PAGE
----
Dead week comes to life Friday night at the University Center for the Arts with one of its final shows this semester.
The Charles & Reta Ralph Opera Center presents “American Opera One-Acts: ‘The Medium’ by G.C. Menotti & ‘Signor Deluso’ by T. Pasatieri.” The performance will take place from 7:30 until 9 p.m. in the Runyan Rehearsal Hall. It is free and open to the public.
“The Medium” is a short, dramatic opera about a woman and her obsession with ghosts, séance and murder. Conversely, “Signor Deluso” is a short, comedic opera about a woman getting married off to a man she does not love.
Sarah College, a master’s student in music, is singing the part of Celie in “Signor Deluso.” She has been performing in operas since she was 10 years old in choir, singing children’s choruses for opera productions. The CSU program stood out to her because it has its own opera center.
“That’s not very common in this country, and there are a lot of opportunities for the students here to perform in operas,” College said.
According to College, every opera is different, so her inspiration for each one comes from different places. She said she is most inspired by her characters and how they are portrayed through the music.
“It’s my job to figure out how to best convey the composer’s intentions, with the music, and my character’s intentions, dramatically,” College said.
College said this production is unique from anything else she has ever worked on before because it involves two operas and two composers, with only 35 minutes for her to keep the audience engaged and for her to show character development, both vocally and physically.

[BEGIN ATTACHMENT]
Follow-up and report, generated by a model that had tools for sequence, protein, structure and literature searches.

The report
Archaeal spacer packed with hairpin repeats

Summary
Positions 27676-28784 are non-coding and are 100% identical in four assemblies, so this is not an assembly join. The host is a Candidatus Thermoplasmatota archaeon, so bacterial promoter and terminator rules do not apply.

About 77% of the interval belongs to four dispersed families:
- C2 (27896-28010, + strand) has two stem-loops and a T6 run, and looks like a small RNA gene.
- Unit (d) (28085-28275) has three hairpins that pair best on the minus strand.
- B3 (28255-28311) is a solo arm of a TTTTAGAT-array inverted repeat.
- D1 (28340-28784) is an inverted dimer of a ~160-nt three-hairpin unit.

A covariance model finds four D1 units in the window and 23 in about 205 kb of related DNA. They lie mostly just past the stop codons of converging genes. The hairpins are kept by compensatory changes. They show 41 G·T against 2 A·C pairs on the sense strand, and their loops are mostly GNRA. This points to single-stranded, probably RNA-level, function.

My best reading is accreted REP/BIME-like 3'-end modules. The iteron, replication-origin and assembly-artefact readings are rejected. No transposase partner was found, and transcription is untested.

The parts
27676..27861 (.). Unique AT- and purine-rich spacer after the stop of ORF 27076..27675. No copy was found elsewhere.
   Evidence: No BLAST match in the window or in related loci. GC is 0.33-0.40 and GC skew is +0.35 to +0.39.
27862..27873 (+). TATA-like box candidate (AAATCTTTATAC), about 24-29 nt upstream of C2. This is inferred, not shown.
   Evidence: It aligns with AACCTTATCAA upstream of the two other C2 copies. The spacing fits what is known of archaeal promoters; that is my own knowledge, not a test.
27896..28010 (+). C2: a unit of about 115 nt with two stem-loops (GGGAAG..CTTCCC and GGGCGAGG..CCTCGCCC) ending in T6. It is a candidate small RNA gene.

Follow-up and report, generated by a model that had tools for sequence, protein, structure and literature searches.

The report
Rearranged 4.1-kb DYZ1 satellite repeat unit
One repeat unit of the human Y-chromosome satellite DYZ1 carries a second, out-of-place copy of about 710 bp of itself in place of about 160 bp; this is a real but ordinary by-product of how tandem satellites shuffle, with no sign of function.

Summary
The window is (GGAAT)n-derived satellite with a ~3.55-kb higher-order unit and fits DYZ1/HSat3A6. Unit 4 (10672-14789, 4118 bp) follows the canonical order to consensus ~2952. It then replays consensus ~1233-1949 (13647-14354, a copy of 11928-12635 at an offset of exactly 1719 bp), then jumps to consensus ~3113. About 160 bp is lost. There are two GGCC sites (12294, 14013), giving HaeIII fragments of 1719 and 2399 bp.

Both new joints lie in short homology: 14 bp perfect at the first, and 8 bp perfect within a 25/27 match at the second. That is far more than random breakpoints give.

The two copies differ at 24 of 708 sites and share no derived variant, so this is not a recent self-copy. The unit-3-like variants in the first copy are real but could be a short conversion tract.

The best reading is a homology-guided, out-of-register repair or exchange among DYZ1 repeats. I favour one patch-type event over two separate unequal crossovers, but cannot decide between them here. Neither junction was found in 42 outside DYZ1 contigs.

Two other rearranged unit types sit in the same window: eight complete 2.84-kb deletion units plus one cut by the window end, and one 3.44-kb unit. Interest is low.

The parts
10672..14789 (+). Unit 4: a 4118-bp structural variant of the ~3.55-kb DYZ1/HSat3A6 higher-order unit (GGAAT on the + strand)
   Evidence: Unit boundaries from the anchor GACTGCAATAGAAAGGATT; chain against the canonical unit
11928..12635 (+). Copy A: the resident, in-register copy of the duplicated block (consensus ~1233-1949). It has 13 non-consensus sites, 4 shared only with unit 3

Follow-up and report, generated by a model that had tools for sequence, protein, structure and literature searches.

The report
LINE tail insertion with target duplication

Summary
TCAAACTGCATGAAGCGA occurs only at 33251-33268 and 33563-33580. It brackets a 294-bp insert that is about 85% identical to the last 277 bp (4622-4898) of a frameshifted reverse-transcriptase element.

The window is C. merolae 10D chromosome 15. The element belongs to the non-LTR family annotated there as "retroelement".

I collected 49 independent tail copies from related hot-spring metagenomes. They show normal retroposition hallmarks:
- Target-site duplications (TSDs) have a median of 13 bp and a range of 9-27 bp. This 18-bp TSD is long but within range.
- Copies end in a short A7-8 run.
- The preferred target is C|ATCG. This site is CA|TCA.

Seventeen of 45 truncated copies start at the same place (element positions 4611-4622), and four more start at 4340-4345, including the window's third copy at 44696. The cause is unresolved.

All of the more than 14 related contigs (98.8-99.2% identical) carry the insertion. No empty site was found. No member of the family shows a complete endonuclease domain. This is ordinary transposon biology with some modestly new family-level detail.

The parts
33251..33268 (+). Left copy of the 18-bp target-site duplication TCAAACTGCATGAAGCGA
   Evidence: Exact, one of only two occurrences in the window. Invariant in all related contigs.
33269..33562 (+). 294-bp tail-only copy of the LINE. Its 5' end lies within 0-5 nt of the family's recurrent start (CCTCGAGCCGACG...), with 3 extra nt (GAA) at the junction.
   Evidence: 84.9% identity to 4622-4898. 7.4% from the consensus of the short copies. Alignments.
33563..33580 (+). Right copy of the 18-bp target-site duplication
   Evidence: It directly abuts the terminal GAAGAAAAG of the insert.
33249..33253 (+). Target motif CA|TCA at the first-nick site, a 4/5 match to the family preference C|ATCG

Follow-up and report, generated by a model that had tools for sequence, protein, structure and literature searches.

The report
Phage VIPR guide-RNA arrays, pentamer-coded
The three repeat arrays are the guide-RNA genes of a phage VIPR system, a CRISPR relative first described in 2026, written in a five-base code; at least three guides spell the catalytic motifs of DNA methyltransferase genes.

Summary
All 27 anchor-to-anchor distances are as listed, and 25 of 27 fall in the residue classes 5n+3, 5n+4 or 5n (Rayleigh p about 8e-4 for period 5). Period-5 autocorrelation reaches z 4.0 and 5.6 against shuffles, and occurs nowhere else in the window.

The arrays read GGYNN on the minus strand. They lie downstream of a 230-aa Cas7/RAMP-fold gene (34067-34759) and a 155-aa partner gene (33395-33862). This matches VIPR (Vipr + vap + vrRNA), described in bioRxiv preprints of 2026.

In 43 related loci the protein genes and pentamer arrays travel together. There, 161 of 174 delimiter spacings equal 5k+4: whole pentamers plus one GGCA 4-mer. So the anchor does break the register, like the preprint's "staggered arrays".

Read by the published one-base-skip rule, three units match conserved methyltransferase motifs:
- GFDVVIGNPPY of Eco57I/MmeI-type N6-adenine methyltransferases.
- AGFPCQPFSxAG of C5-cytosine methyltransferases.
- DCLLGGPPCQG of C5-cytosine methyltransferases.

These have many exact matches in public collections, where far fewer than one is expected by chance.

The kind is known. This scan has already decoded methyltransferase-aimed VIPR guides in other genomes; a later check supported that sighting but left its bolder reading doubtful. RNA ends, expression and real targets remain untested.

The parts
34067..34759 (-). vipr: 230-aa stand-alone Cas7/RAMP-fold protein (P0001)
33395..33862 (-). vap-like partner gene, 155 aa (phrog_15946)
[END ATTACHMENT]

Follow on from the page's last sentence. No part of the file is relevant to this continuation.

“Audiences should expect to see two very different stories, well-told through music,” College said. “‘Signore Deluso’ is a farce. It’s making fun of opera with its overdramatic caricatures and slapstick comedy.”
The biggest learning experience of all has been putting together a show like this in only a month, with quick memorization and quick character development, College said.
As for “The Medium,” Talia Fischer, a music senior, is one of the performers singing the character of Monica. She agreed to sit down with the Collegian to discuss her work.
Can you start out by giving us a brief professional history?
I’ve been taking voice lessons since high school, and I got into opera my senior year. I’ve been performing in operas since my freshman year here at CSU.
What inspires you to do the work that you do with opera?
At the core of opera is storytelling and the experiences people go through – love, death and comedy. Music is a language everybody understands. We may not all know how it works, but we get it. It’s an innate human experience.
What’s different about this show from anything else you’ve ever worked on before?
It’s not what people stereotypically think of opera. It’s smaller and meant to be performed in a casual setting.
What can audiences expect to take away from the experience of coming to see this performance?
“The Medium” has a creepy ghost story vibe people don’t expect out of opera. They’ll be surprised by how accessible this is. It’s sung in English and it takes place in a contemporary setting.
How has working on this production affected your future with opera?
I graduate in December, and I plan on pursuing a career in vocal performance and opera, as well as administrative work in classical music and opera. “The Medium” is an emotional opera, and it’s challenged my acting and allowed me to explore the ways in which I’m human. It’s applicable to real life, too. Communication is key.
Is there anything else you’d like to add that I didn’t think to ask about?
There’s a misconception that you have to be fancy and pay a lot to see opera. Classical music can be scary for some people, but it’s not as terrifying as they make it out to be. You can show up in jeans and a T-shirt if you want.
Collegian A&E Writer Hunter Goddard can be reached at firstname.lastname@example.org or on Twitter @hunter_gaga.